Because of the constant moisture, the PSC MilliMic seems appropriate but I'm not sure about your budget. The Sony ECM66 is also durable but I'm not sure how it would hold up.

Don Bloom May 14th, 2006 07:17 PM

I helped a friend do this a couple of times. Here's what we did.
FIRST we used LEctrosonics units (thats what he owned) we used a LAV mic certainly not a headworn under a football helmet-that wouldn't fit and it could prove to be dangerous.

As for moisture yes, it can happen so we wrapped the bady pack in a plastic wrap and attached it to the players shoulder pads-not the pads themselves but the strap that goes from front to back to hold the pads on. The straps are pretty tight and so was the tape we used to hold the pak to the strap. The mic was run up the body to a place on the front of the pads as close to the players mouth as possible which was still a bit of a distance-probably about 6-7 inches but because 90% of the time they're either talking loudly or yelling it really wasn't a problem. At the end of each quarter we would check the placement of the pak and mic, make sure the player was OK with it AND that the mic wasn't dangling around. At half time we changed the battery in the body pak. He told us that he had forgotten about it and didn't even notice the body pak.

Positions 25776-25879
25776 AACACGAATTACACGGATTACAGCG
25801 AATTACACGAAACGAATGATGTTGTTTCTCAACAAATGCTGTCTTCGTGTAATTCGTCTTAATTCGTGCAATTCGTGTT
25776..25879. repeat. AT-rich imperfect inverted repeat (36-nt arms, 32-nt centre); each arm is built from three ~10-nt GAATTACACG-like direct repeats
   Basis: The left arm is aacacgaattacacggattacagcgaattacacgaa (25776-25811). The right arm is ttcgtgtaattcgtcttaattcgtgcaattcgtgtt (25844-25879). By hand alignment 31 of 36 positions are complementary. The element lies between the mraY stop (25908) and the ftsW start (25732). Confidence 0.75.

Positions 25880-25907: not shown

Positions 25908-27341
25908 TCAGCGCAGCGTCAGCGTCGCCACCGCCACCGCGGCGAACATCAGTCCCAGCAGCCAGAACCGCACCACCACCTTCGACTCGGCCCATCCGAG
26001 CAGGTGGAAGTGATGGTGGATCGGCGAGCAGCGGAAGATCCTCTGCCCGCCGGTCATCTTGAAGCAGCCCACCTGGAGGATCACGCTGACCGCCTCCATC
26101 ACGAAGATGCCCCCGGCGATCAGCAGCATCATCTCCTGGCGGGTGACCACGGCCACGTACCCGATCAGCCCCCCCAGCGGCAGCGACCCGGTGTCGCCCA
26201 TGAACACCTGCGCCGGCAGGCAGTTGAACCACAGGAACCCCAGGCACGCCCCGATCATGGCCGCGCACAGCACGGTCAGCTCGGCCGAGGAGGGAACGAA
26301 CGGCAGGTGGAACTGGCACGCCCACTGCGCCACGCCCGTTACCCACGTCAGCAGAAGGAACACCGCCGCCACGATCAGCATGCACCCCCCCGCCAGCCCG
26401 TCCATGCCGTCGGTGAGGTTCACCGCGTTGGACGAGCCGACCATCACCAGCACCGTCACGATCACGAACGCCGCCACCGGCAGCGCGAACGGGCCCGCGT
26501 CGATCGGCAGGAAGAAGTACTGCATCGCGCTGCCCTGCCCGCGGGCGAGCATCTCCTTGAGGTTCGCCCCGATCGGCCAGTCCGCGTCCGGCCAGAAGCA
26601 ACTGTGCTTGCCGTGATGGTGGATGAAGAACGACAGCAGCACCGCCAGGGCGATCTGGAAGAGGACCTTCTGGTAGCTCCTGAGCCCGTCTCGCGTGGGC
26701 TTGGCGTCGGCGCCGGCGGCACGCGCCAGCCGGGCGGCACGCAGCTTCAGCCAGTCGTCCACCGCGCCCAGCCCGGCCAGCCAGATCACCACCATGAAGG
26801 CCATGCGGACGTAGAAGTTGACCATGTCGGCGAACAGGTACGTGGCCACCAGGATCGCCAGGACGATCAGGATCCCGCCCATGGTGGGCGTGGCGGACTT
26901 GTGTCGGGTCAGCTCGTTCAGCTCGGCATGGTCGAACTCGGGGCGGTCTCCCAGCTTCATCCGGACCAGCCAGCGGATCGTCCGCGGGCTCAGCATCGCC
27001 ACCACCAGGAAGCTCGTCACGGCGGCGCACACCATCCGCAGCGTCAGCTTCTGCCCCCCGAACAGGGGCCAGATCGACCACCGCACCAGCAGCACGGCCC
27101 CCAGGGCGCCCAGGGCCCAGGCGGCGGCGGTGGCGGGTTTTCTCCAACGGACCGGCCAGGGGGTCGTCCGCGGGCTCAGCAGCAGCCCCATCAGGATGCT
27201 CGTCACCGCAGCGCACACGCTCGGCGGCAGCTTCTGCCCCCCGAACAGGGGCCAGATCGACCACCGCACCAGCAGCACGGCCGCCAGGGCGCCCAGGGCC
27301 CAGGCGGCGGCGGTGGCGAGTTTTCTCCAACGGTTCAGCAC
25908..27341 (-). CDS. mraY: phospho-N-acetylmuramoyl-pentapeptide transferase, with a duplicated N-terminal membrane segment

You could try to position the pak somewhere else but you are limited because you want to make sure it's not going to be broken (as sure as you can anyway) and that it won't impede or hurt the player. Also you want the mic as close as you can to the mouth but again the players equipment will limit that somewhat.
The sound worked out just great and the mic and pak were really no worse for wear.

Don B.

Evan Shaw May 14th, 2006 08:08 PM

Thanks for all the advice guys! I think I'm probably going to be able to do this afterall. I'm wondering, when you put it on the strap, where on his body did you put it? Front, side or back? And also, were there any rules or regulations you had to go through to get permission to do it? Obviously the coach and player has tosign off, but what about the league etc?

Don Bloom May 15th, 2006 05:20 AM

The pak would go where it feels most comfortable to the player and would seem to be in a safe area. In other words wherever it fits ;-)

We put it on the left side of the player (his request) slightly towards the back however it's only important for the players comfort and so as not to put the body pak into too much danger.

We had the player sign off as well as the coach-the leauge had nothing to do with it at least in this case- so we didn't even approach them- but it depends on what the footage is being used for I would imagine.


Marc Aitken May 15th, 2006 06:10 PM

Football mic options